Non-techie getting into linux just for chia, bad idea?

As the title said.

Is it a bad idea for a non-tech person to pivot into linux fully just for running Chia?

The most I know about linux are how to ssh, use a little vim, pip install from a github repository, and attach/detach screens because I played around with a seedbox with limited ssh and no sudo/root access.

I’ve never used linux before, my OS has always been windows/osx, but I’ve always been inclined to learn but never had the reason to do so intensively.

So came chia, and it seemed to me that some linux knowledge would be very valuable in working efficiently (the XFS file system), also heard that there were some problem where the farmer machine on windows can’t return the challenge under 30s, and, most importantly - almost unattended, like what plotman is doing right now with automatically moving plots.

Also, ideas on where I should start if I do, too?

Thanks in advance, ppl.

1 Like

Sounds like you have most of the skills you need already. But to directly answer your question: yes, basic Linux experience is a handy skill, and modern Ubuntu installs are actually really nice from an end user experience.


I’ve heard that the current Ubuntu desktop with GUI uses a different scripting language (dash instead of bash) and the more I see the guide in Reddit wiki, it seems to involve a lot of scripting and cron jobs, are these all fundamental to Linux?

I’m actually planning to use a debian buster but then I read that the chia client is tested on Ubuntu instead

If I went to a headless Ubuntu server I’m afraid that I’ll be lost at the booting line with only access to cli :sweat_smile:

I plan to study some basics from udemy and then come back and install something, or should I just jump right in?

Yeah just go for it, all good skills to learn. Also, Ubuntu is basically Debian under the hood, so while separate projects they overlap a lot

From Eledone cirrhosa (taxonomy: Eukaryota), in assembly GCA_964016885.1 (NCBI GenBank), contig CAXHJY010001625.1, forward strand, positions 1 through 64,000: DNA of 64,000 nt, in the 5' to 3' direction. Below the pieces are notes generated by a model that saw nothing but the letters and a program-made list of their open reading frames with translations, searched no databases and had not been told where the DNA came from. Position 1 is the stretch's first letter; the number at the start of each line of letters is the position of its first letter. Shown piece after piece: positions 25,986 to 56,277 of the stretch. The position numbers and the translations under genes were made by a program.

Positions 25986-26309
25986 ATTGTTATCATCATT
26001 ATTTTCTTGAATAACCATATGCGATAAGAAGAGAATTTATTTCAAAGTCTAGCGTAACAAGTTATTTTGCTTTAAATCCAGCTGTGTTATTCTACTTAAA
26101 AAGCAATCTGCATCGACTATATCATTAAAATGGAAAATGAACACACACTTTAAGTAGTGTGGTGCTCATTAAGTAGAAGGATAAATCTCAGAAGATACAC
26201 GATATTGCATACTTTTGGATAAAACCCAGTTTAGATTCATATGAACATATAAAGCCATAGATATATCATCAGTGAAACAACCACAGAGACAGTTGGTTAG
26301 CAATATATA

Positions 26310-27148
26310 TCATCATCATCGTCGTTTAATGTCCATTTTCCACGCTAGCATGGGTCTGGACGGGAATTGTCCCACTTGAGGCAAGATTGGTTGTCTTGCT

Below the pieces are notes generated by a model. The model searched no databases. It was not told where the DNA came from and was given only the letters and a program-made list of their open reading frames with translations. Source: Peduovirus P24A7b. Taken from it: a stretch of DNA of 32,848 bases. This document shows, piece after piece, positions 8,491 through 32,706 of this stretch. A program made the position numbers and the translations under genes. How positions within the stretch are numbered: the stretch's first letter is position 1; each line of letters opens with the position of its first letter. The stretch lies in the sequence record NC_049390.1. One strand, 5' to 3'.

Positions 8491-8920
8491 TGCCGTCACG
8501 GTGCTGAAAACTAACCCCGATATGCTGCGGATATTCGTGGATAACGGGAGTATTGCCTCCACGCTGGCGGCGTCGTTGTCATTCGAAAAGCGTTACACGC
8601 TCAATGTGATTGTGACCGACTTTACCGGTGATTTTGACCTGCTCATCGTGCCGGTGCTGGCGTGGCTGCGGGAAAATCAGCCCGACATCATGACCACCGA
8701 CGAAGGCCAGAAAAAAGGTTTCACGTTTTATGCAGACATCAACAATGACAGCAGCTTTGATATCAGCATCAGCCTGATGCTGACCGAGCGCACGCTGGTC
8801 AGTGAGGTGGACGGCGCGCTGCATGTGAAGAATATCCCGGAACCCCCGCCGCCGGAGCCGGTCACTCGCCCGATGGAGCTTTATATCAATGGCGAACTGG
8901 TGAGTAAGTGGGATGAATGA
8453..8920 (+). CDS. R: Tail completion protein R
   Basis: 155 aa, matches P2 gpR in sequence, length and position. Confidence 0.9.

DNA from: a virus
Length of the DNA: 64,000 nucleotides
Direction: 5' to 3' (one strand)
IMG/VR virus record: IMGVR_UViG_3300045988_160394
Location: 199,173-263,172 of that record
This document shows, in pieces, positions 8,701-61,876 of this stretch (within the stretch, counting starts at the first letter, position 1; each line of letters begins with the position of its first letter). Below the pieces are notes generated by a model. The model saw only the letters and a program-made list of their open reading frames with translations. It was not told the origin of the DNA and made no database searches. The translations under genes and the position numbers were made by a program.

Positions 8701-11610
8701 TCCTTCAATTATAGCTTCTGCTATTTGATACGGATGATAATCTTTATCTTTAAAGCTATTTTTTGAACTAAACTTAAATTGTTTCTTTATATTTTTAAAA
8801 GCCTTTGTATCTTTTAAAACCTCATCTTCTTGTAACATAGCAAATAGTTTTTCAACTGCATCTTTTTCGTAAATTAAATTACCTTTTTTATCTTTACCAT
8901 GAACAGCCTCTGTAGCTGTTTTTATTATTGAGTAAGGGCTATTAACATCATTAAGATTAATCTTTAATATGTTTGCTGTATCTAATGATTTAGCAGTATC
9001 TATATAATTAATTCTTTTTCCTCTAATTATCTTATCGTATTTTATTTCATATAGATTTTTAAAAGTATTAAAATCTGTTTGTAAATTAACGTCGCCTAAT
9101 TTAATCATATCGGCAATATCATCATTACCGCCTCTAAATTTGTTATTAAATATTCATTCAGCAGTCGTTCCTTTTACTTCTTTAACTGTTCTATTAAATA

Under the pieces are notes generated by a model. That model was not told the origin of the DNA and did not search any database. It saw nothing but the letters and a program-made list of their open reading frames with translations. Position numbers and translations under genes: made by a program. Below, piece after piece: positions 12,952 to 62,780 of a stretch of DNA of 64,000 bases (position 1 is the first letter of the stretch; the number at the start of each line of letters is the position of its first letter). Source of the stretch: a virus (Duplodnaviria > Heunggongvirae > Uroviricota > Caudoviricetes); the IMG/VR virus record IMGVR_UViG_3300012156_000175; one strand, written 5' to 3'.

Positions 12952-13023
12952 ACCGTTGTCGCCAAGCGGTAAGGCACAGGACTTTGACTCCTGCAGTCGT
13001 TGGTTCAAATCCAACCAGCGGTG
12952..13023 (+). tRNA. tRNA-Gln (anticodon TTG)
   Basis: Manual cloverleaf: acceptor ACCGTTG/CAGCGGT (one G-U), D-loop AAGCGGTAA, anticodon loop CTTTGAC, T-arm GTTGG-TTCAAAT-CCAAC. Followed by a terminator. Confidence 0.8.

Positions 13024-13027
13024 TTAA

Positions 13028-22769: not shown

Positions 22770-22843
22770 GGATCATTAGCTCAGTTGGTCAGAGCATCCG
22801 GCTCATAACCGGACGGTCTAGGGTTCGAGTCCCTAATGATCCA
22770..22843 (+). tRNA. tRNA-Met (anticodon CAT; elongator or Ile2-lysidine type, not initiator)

1 Like

Doooooooooooo ittttttttt!

Worst case scenario: in 6 months you’ll have 0 XCH but ninja linux skills! (I’m feeling a little, ummm, demoralized by my current 5TB having an expected time to win of 6 months!)

Most of the shells (ash, dash, bash, etc) are pretty much 100% equivalent for every day use. You have to get pretty deep into shell programming before the differences start mattering. And if you prefer bash, it’s easy to make it your default shell.

The “Ubuntu Server” iso image ( - (1.1GB) has no GUI and also doesn’t auto-suspend!

p.s. “Ubuntu Server” does automatically get an IP address over Wifi. To quickly get out of CLI, I recommend these steps:

  1. Install Ubuntu via USB.
  2. Create your user account during the installation procedure.
  3. After install completes, using the text-only login, type: sudo apt install openssh-server
  4. Then type “/sbin/ifconfig” to figure out your IP address. Look for something that starts with “192.”.
  5. From your main windows computer ssh in (e.g., ssh user@<ip-address>) !

awesome, I’m going to assemble my old pc and start building a farmer-full node with linux in order to be able to tinker more with my plotting pc

Thanks a lot folks!